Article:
PRE-PRODUCTION PREVIS

Previs helps the director to understand the limitations that he has, especially in the context of virtual sets, seeing what you are actually shooting.

The majority of previs takes place during preproduction. This is the precious time before production begins, when the sky is the limit and the budget seems sufficient. In reality, these days are numbered, and the creatives often find themselves at the mercy of impending production deadlines. Previs teams can help optimize pre-production by combining all of the choices that are being made by the director and their closest advisors into a cohesive blueprint for production.

The filmmaker is still afforded a lot of freedom to change, because change is at the very heart of the previs process. Previs artists are prepared to create multiple iterations of shots to supply their collaborators with options. The best previs artists are solid generalists with an eye for cinematography. They are capable of creating sequences efficiently and effectively. Previs artists must be able to take direction and fill in any gaps in direction. Often, previs artists are confronted with a variety of opinions and constraints. It is the previs artist’s job to balance these influences and to demonstrate the strongest solutions for each project.

Since previs is a collaborative artform, professional previs companies have been formed to provide balanced teams of proven artists that have worked together on multiple projects. These teams operate with a common set of procedures and 3D assets. Standards such as naming conventions have already been established and time is not wasted creating camera rigs, generic characters and environments. In many cases models, animations and effects can be repurposed from the team’s ever expanding library of digital assets. This means that the previs team can hit the ground running the moment a new project begins.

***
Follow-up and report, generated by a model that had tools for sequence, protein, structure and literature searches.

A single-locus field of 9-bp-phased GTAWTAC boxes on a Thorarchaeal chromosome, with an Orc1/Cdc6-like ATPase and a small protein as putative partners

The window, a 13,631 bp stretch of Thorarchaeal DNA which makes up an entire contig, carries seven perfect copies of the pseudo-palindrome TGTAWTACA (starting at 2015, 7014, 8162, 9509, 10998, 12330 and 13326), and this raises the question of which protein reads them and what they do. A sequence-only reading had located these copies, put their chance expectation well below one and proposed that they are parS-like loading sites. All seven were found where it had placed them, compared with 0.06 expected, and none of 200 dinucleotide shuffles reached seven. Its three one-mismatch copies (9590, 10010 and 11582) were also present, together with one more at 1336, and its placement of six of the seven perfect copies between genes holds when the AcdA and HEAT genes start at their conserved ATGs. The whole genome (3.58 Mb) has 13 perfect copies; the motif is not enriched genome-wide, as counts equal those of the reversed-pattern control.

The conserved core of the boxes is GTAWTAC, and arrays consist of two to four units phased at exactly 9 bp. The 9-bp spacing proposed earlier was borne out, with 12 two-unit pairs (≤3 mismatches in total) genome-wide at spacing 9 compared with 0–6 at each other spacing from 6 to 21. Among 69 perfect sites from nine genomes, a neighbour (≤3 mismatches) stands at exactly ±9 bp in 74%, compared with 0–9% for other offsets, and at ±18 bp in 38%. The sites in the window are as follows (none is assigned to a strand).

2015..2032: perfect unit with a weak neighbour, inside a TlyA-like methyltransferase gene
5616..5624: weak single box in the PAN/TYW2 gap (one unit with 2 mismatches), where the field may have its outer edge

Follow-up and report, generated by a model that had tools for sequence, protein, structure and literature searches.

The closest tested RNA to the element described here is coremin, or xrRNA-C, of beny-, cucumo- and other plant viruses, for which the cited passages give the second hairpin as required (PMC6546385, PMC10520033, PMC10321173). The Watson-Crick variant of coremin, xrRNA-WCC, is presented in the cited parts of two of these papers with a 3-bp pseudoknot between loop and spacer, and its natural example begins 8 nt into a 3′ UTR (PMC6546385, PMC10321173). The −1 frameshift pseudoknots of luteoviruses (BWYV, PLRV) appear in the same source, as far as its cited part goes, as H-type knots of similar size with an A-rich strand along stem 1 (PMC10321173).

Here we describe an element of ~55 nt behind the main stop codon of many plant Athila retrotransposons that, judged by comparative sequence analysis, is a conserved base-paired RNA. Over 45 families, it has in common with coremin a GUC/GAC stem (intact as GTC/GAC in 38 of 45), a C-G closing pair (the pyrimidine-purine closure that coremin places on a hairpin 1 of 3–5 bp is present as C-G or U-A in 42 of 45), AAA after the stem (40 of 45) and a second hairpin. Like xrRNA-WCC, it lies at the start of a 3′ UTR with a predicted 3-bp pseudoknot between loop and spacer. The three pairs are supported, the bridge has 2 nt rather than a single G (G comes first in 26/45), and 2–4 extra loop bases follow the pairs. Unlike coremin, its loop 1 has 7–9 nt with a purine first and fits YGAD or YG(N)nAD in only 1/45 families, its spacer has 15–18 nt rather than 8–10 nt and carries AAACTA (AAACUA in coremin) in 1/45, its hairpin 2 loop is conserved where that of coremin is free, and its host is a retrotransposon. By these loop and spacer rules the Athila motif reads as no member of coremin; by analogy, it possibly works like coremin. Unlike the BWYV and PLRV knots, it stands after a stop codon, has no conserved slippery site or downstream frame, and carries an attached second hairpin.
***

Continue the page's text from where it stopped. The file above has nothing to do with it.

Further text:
The previs supervisor is in charge of the previs team and is often the client’s primary point of contact. Previs supervisors must be experienced digital cinematographers and excellent communicators. They must listen to the client and then decide how best to use the previs team’s resources to implement the director’s vision. A previs supervisor’s role changes from project to project, but usual includes the following responsibilities:

  • To maintain continuity and to critique the previs artists’ work
  • To maintain an edit of the previs sequences in development
  • To present work-in-progress to the production as requested
  • To suggest solutions and provide options for the director to choose from
  • To block out camera angles with the director live
  • To ensure that every shot is technically possible to achieve
  • To orchestrate the delivery of 3D scene files that can be used directly by VFX vendors
  • To support the live-action crew by providing camera statistics and setup diagrams

At the end of the pre-production phase, the benefits of the previs should be evident across the board. Directors can define exactly what they want, and share the previs reel with their crew. Everyone from the actors to the grips can rally behind that common vision. Meanwhile, producers can use the previs to plan extremely efficient shoots. A well planned film can virtually eliminate the need for re-shoots. Previs also gives visual effects supervisors a sneak preview of the challenges that lie ahead, so that they can focus their R&D on what will end up on screen.